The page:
In recent years, the spy balloon has become much more high-tech and much more invasive. Today, major defense contractors like Lockheed Martin construct sophisticated spy balloons, also known technically as “aerostats” (or in one government report, “unmanned buoyant vehicles”), which have been used to spy on foreign populations – mainly in the US Middle East. The idea behind the balloons, reportedly used fairly extensively during the “war on terror,” is to automate surveillance functions so real people don’t have to do the hard work of surveilling entire regions or villages. Despite this, most people in the areas where they have been deployed do not seem to like them very much. A 2012 New York Times report noted that the US had a habit of deploying these floating Nark airships in rural areas of Afghanistan and then simply leaving them there indefinitely; The goatherds, who live in places like Kabul and Kandahar, told the newspaper that they didn’t appreciate being watched all the time, and expressed that the balloons contributed to a general “sense of oppression” among local people. You can see why. It’s basically like being watched by this thing from Jordan Peele’s Nope all day long. Not so great.
Exhibit C: Spy balloons to spy on ourselves
In 2019, it was revealed that the Pentagon had been testing surveillance balloons “across the United States” and allegedly deployed them in six Midwestern states as an experiment to see if they could fulfill a vague mandate targeting “drug trafficking and domestic threats.” security” to respond. The airships, which could soar at altitudes of up to 65,000 feet, may have been rigged with Gorgon Stare, sophisticated surveillance software the government has used to spy on foreign populations via drones. Capable of recording ground-level activity in urban environments with granular detail, Gorgon Stare essentially provides government operators with an “instant replay” capability when monitoring urban events. Those experiments were part of what they called “Operation COLD STAR,” which, according to Motherboard, “never really ended.”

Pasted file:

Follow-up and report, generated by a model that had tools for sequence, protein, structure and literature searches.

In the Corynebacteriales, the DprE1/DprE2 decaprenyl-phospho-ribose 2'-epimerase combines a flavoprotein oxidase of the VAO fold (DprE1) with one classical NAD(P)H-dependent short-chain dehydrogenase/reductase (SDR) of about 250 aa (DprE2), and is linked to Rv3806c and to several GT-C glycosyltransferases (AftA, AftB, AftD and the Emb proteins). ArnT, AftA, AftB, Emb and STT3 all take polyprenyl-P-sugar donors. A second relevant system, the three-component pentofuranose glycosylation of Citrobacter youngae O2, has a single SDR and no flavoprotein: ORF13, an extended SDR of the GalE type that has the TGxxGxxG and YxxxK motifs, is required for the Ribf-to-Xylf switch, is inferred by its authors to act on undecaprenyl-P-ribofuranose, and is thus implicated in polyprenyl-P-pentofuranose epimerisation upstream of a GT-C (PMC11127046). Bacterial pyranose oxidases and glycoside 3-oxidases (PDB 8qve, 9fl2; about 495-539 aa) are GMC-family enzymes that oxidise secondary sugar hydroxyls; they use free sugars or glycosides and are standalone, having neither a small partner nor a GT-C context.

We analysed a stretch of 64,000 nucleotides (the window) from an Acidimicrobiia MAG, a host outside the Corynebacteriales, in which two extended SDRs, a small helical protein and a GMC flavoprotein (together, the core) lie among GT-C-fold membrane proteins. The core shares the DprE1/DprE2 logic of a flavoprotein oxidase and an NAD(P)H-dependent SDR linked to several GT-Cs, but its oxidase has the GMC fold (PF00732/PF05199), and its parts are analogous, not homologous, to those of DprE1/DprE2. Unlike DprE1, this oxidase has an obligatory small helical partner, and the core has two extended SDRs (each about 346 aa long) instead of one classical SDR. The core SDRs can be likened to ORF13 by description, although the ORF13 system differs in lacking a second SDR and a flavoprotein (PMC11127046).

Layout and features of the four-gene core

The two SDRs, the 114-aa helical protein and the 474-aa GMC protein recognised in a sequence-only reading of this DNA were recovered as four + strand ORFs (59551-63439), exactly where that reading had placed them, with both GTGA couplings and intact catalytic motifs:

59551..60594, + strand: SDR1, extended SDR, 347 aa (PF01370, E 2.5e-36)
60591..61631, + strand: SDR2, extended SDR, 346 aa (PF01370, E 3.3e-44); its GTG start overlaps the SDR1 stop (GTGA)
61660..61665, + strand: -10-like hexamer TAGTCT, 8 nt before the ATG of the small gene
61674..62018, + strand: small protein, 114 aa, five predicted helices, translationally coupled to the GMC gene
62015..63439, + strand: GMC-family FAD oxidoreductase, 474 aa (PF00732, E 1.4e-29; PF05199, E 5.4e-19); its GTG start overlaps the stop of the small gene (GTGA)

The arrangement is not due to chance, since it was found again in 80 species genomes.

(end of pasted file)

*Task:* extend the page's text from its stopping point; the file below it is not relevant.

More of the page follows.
At the time of the operation’s unveiling, resident Debbie-Downer Jay Stanley, senior policy analyst at the American Civil Liberties Union, said of the balloons, “We don’t believe American cities should be subjected to large-scale surveillance in which any vehicle could be tracked.” wherever they go… it is disturbing to hear that these tests are being conducted, no less by the military.”
Whatever Jay! Killing privacy in the US seems like a small price to pay for a 6 percent improvement in drug prohibitions!
Another notable incident in this department happened in 2015 when the US military somehow lost control of one of its spy balloons, which was then drunkenly strolling across the Pennsylvania skies at low altitudes until it became tangled in some power lines and a stream caused a power outage for around 35,000 people.
To avoid future international resentment and potentially bring China and the US back together, let’s all agree that we love balloons. We love them soaring high above us, beautiful and mysterious (and possibly manipulated with facial recognition). We love them when they monitor our enemies. We love them at birthday parties. Are you a little annoying? Secure! But as we just admitted, we’re all in this together. Most importantly, I want us all to acknowledge that we love balloons so we can agree with the STFU on them too. Because with everything that’s going on in the world today, I really don’t think I can handle another one.”Balloon News Cycle.”